More than 20,000 turn out to celebrate at 21st Capital Pride Parade





Brazil native Joseilton Fonseca arranges his balloon headdress prior to the start of the 21st annual Capital Pride Parade yesterday afternoon. The parade drew tens of thousands of spectators.


“It’s a celebration of diversity. Every occasion we have to celebrate diversity is important.”

Tens of thousands of people crowded Wellington and Elgin streets yesterday afternoon for the energetic close to this year’s Capital Pride Festival.

The 21st annual Capital Pride Parade went off without a hitch, said Capital Pride chairman Gord Boissonneault.

“It went amazing,” he said, adding more than 20,000 people from as far as France and the United States attended the event.

Although Toronto’s Church Street Pipe Band is accustomed to playing in Toronto’s larger pride parade, the Ottawa event is a good one, said pipe major Glenn Pettifer.

“Part of our mission as a band is to be involved in outreach and support other cities in their pride festivals,” he said.

Decked out in headdresses made from a rainbow of coloured balloons, Ottawa resident and former Capital Pride chairman Yvon Vaillant and his spouse, Joseilton Fonseca, were two of the more colourful walkers.

“It’s a celebration of diversity. Every occasion we have to celebrate diversity is important,” said Vaillant, who has also attended Pride events in Brazil and the U.S.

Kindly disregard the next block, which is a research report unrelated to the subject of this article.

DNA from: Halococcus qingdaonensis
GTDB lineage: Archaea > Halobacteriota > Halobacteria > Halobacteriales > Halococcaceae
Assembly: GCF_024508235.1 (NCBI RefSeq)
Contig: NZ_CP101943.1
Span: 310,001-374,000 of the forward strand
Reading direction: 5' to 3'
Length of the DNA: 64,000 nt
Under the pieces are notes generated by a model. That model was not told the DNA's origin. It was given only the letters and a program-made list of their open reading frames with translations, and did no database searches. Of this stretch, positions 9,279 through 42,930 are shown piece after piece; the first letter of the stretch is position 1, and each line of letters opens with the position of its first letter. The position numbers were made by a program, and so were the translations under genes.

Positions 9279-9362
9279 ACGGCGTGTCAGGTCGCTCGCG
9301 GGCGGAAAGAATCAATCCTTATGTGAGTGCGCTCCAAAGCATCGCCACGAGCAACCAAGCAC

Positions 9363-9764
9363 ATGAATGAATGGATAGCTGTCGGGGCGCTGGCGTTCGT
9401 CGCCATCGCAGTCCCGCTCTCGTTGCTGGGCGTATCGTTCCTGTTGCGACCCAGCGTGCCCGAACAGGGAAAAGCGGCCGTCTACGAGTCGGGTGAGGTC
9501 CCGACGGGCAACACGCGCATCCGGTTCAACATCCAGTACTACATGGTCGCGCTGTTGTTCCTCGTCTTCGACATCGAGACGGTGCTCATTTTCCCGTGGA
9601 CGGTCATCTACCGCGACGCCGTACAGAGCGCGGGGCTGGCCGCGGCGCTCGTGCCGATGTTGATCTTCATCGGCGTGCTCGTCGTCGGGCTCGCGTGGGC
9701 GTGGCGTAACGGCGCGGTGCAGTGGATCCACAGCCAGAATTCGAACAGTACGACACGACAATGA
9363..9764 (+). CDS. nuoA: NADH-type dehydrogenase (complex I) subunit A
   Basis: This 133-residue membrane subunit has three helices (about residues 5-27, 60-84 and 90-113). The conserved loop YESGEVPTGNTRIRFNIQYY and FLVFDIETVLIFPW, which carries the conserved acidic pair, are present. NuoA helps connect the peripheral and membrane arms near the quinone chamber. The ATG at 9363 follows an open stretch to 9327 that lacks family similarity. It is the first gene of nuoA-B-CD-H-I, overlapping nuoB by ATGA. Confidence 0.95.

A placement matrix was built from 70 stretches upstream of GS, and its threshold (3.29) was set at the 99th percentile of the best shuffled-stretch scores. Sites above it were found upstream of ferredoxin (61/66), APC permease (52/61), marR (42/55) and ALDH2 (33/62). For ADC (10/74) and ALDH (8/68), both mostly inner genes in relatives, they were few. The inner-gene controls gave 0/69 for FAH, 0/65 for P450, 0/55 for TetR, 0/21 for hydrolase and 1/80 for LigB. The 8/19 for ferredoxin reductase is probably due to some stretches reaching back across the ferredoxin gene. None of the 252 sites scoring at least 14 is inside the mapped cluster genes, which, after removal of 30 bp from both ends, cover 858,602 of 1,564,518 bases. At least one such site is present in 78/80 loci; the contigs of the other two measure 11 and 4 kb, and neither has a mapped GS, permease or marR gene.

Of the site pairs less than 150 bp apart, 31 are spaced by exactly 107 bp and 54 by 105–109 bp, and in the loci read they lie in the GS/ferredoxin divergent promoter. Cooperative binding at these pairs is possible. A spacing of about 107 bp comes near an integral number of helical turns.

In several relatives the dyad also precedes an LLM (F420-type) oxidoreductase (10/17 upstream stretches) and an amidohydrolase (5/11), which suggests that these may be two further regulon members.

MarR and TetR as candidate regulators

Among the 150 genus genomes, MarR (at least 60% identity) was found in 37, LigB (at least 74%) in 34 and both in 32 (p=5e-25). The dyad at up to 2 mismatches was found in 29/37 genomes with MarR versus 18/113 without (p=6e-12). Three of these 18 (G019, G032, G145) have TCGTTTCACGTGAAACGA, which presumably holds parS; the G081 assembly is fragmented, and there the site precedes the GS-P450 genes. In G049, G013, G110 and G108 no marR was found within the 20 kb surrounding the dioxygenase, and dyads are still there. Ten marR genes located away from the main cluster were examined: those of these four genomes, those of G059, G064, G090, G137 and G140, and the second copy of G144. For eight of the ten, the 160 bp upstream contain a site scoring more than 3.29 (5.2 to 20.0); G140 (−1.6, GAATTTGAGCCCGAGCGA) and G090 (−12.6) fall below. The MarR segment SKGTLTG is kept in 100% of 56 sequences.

First-time parade-goer Jeff Peterson said the event was fun, but, more importantly, it brings people together.

“You don’t have to be gay or straight or anything at all to support this,” said the Ottawa resident.

It was also Ottawa resident Cynthia Powell’s first time at a Pride event.

“I’m just here to give support and to see the parade,” she said. “My daughter’s been to a couple of them and I thought it might be fun.”

Fun was the name of the game for many attendees, who consider this the one time a year they can dress outrageously in public.

“It’s gay Christmas,” said Jacqueline St. Urbain, who, along with Ericka Black, donned wings as gay angels for the event.

It was hard to top Toronto resident John Alberts’ costume.

Alberts, who wore nothing but a strategically placed translucent plastic bag and flip-flops, got a lot of stares and even a few requests to have his photo taken.

Dozens of community groups, including Planned Parenthood, Ottawa Police, Ottawa Paramedics, the Aboriginal Women’s Support Centre, Family Services Ottawa, the Carleton University Students Association, Pink Triangle Services, and the AIDS Committee of Ottawa were represented at the parade.

Ottawa resident Keith Duncanson said there seemed to be more people participating in the parade this year. “That’s a sign that Ottawa is a safe place to be proud of who you are,” he said

Following the parade, hundreds of people attended the festival plaza at city hall, where the festivities continued late into the evening.